10 Common “Christian” Practices that Aren’t Actually Biblical

Many Christians around the world observe a wide range of practices. Some of these practices have become so familiar that they might seem like direct teachings from the Bible. However, some interesting aspects of Christian tradition don’t have a precise origin story in scripture. Let’s explore 10 common practices observed by Christians that don’t necessarily have explicit biblical roots.

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#1 Christmas Trees

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Christians around the world celebrate Christmas, but the festive tradition of decorating Christmas trees isn’t directly mentioned in the Bible. The custom is believed to have originated from pagan practices, possibly rooted in reverence for evergreen trees during winter. While the tradition itself isn’t biblical, it can still hold meaning for Christians as a way to celebrate the season.

#2 Infant Baptism

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Some Christian denominations practice infant baptism, baptizing babies shortly after birth. However, the Bible primarily speaks of adult baptism. Passages describing baptism typically involve people who have consciously chosen to follow Jesus. While infant baptism is a long-standing tradition for some Christians, it’s not directly mandated by scripture.

#3 Altar Calls

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The practice of altar calls, where individuals are invited to come forward during a church service to publicly respond to a message or make a commitment to Jesus, is a common evangelical tradition. The Bible, however, doesn’t explicitly prescribe this practice. Salvation experiences are described throughout scripture, but there’s no one-size-fits-all method for how people respond to the gospel message.

#4 Easter Eggs and Bunnies

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Similar to Christmas trees, Easter eggs and bunnies are popular symbols associated with Easter, but they are absent from the Bible. These symbols likely have pre-Christian and non-Christian origins, possibly linked to fertility rites or spring celebrations. Despite their non-biblical roots, they can still be a fun way for Christians to celebrate the holiday, particularly with children.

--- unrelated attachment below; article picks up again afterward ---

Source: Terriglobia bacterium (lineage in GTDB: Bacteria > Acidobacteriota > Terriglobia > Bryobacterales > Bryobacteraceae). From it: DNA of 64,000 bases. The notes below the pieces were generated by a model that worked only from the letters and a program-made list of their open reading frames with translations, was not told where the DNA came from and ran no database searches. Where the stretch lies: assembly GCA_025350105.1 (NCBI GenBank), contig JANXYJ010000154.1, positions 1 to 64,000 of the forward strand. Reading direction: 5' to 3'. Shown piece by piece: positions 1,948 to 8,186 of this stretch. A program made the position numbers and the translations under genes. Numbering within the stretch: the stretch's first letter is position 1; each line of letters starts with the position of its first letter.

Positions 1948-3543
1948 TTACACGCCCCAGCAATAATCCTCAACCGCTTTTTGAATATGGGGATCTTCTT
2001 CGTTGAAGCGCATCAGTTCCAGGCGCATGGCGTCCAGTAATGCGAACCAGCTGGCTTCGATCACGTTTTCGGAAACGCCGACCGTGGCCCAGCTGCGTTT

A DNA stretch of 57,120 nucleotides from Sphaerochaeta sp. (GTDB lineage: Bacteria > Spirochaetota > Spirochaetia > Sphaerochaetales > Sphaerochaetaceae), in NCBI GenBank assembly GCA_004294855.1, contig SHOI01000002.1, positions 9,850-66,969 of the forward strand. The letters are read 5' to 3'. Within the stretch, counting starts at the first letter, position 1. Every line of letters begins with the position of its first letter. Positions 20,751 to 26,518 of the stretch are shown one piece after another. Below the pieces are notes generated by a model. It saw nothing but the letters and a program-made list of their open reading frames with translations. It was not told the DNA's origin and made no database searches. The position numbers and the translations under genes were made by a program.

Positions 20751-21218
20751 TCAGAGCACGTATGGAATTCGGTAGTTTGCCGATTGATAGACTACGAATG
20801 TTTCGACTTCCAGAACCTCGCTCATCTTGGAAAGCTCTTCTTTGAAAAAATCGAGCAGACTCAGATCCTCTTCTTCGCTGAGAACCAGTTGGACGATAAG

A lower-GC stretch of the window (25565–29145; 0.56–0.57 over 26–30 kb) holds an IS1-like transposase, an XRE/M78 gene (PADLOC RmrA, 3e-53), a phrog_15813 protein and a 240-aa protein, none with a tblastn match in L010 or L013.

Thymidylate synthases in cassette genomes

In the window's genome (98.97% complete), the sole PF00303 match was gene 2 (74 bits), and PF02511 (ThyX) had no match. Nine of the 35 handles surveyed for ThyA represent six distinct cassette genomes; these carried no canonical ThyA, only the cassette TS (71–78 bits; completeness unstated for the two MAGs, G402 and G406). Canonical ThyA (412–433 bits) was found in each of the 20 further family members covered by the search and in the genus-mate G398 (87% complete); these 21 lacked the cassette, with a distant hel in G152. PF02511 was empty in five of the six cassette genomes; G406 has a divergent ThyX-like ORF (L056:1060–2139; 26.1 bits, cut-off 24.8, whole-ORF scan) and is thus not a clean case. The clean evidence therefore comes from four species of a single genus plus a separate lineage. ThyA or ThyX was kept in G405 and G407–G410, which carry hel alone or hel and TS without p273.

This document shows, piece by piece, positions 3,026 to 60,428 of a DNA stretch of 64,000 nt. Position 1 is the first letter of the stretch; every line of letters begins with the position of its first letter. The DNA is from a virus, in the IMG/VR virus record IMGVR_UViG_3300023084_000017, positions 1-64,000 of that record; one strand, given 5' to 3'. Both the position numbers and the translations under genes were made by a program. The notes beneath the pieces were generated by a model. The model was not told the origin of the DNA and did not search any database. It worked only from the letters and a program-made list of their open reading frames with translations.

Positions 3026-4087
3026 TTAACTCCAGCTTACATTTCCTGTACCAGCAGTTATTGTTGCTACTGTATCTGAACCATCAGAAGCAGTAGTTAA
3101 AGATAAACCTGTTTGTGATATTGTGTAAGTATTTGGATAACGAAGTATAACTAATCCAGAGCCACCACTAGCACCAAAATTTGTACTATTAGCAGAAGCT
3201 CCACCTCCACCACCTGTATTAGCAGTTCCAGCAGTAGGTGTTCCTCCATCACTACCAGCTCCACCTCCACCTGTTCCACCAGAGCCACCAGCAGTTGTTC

#5 Saying “Grace” Before Meals

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Giving thanks for food is a biblical principle. Passages throughout scripture speak of offering blessings or prayers before eating. However, the specific practice of saying a formal prayer before meals, often called “saying grace,” isn’t directly mandated in the Bible. The content and manner of expressing gratitude for food is left up to individual practice.

#6 Praying to Saints or Mary

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Certain Christian denominations, particularly Catholicism and Orthodoxy, have a tradition of praying to saints or figures like Mary to intercede with God on their behalf. This practice, however, is not explicitly supported by the Bible’s teachings. The Bible emphasizes praying directly to God through Jesus Christ.

#7 Worshiping on Sundays

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Many Christians around the world gather for worship on Sundays, commemorating the day of Jesus’ resurrection. The Bible itself, however, doesn’t specifically command Sunday worship. The early church met on various days, and the emphasis seems to be on gathering regularly for fellowship and worship rather than a mandated day of the week.

#8 Church Buildings

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The Bible encourages believers to gather for worship and fellowship. Passages describe the early church meetings in homes and other common spaces. There’s no specific biblical command, however, to construct elaborate church buildings. The focus seems to be on the act of gathering as a community of faith, not on the physical structure itself.

#9 Using Rosaries

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Did you know that Rosaries are not directly mentioned in the Bible? These strings of beads are used by Catholics, especially during prayer, meditating on specific prayers or mysteries associated with the life of Jesus and Mary. The rosary itself developed as a devotional practice around the Middle Ages, not something explicitly instructed in scripture. While it holds significance for many Catholics, its use isn’t a biblical requirement.

#10 Holy Water

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Holy water, often used for blessings or believed to ward off evil, is another Christian practice that lacks direct biblical mention. The Bible mentions “holy water” only once, in a specific ritual context within the Old Testament (Numbers 5:17). The broader concept likely stems from ancient practices of ritual purification. While some Christians imbue holy water with spiritual significance, its use isn’t directly supported by scripture.

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